Variety Kids is marking their 55th annual telethon this Sunday, April 2. It’s all to support the great work done at Women and Children’s Hospital. That’s where medical miracles are born, including Owen and Evan Guise.
They were born twins, but because of complications, were sent on very different paths.
They were born ten weeks early and both weighed three pounds. Evan was a typical preemie, but Owen was born with a life-threatening condition.
"Owen was born septic. I was told he wasn't going to make it through night one,” says Heather Mieth, Owen’s mom.
Owen had brain damage, bacteria in his blood, fluid in his lungs, and blockage from his stomach to his intestine. It didn’t look good. Doctors prepared Owen’s mom for the worst.
"I was told at some point through the night they were going to come and wake me up to hold him so I could say goodbye to him, said Mieth”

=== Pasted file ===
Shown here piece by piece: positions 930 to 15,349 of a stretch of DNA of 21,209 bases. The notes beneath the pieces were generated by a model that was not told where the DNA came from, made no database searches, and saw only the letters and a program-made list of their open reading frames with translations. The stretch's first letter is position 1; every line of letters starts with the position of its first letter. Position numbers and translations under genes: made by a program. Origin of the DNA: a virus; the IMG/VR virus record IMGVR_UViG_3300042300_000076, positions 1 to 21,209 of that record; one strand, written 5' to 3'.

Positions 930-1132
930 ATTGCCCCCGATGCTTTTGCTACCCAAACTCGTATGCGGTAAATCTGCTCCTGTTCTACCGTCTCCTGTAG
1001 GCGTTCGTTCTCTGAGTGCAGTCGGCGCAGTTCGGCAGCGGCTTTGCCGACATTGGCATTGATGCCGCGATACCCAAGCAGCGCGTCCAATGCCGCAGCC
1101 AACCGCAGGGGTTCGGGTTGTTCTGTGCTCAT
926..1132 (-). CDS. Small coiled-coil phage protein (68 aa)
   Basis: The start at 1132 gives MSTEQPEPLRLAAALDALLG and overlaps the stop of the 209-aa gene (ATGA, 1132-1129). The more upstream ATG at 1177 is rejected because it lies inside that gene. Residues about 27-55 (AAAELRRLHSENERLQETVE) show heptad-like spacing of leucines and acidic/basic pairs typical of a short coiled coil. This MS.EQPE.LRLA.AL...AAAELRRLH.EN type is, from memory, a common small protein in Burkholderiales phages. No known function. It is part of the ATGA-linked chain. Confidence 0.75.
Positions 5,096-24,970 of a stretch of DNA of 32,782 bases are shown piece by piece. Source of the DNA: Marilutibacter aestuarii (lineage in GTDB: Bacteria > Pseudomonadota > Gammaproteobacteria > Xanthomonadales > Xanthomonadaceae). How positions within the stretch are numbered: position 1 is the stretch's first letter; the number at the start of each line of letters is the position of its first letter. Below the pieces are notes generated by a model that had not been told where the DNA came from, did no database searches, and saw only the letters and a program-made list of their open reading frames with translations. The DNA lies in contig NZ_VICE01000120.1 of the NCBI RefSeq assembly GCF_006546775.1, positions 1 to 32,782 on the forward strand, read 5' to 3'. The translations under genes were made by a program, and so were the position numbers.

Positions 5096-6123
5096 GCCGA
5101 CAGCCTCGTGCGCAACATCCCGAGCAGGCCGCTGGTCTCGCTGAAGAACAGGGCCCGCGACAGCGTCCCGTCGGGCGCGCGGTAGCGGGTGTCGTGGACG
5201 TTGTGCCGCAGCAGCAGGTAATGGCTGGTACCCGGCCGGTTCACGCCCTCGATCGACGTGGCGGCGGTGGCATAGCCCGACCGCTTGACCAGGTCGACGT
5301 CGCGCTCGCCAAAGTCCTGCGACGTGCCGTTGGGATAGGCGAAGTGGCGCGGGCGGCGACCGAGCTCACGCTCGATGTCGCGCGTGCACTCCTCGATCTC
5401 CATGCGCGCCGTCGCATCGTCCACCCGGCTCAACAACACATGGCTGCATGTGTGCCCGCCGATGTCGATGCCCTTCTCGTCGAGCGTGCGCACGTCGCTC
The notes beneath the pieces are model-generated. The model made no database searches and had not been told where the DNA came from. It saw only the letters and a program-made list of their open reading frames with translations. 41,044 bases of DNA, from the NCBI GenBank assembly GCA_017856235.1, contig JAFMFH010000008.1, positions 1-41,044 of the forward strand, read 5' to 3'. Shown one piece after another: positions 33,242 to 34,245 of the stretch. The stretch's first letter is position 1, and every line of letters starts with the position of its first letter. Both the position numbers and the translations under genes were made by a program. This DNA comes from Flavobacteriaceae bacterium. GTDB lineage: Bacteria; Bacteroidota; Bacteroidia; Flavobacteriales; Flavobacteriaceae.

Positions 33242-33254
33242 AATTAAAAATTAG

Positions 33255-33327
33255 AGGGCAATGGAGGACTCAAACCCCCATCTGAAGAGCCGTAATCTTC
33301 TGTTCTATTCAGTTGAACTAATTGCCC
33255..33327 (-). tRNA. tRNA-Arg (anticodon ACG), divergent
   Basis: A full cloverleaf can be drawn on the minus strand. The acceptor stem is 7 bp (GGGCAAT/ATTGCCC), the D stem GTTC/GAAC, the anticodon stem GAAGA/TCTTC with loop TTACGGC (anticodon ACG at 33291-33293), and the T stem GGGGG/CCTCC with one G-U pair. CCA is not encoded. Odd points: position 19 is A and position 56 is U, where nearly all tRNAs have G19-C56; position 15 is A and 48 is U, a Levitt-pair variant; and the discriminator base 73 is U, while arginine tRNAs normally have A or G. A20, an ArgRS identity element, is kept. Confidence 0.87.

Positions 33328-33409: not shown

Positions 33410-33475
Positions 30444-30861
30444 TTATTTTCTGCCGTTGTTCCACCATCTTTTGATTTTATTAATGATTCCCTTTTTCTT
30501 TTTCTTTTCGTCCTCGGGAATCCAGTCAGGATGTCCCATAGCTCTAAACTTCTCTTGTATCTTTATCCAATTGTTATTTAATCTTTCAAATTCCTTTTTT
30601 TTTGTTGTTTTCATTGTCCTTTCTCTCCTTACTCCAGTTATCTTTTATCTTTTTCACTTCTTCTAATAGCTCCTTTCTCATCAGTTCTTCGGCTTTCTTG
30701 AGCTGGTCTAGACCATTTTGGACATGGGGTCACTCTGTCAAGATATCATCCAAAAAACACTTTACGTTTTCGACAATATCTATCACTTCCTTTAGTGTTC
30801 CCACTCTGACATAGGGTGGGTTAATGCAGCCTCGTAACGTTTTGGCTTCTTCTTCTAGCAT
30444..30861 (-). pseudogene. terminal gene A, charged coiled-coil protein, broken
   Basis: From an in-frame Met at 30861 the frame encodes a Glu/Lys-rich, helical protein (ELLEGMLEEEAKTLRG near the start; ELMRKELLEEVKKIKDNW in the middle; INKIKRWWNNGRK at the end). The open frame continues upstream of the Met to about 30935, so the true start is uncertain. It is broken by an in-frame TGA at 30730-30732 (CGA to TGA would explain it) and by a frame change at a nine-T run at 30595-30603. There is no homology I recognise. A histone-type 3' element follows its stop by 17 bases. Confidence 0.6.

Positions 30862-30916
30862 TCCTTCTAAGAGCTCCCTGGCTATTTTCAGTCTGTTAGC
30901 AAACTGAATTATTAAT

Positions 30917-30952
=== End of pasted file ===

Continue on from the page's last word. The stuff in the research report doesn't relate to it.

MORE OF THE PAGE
But despite it all, doctors were determined to save him. Owen spent more than three months in the NICU at Women and Children's Hospital.
Doctors reconstructed his backside to allow proper bowel movements.
"Within his first month, he required two surgeries and multiple procedures to help him pull through his issues,” says Women and Children’s Hospital Neonatologist Sara Berkelhamer.
Heather calls Owen her "miracle baby". But she knows this was no miracle. This was the work of Children's.
"Thanks to this hospital, he's alive and he's breathing."
Owen still has developmental delays. He’s legally blind and deaf in one ear, and there's a good chance he'll have cerebral palsy.
Meanwhile, his twin brother Evan is your typical energetic toddler.
For Heather, positivity and gratitude for the doctors and staff at children's hospital carry her through.
"We take it day by day. We're glad he's here with us and alive and breathing and smiling and having fun. So we take it day by day, 'cause nobody knows what the future holds for any of us. True, very true. There's definitely a reason why he's here."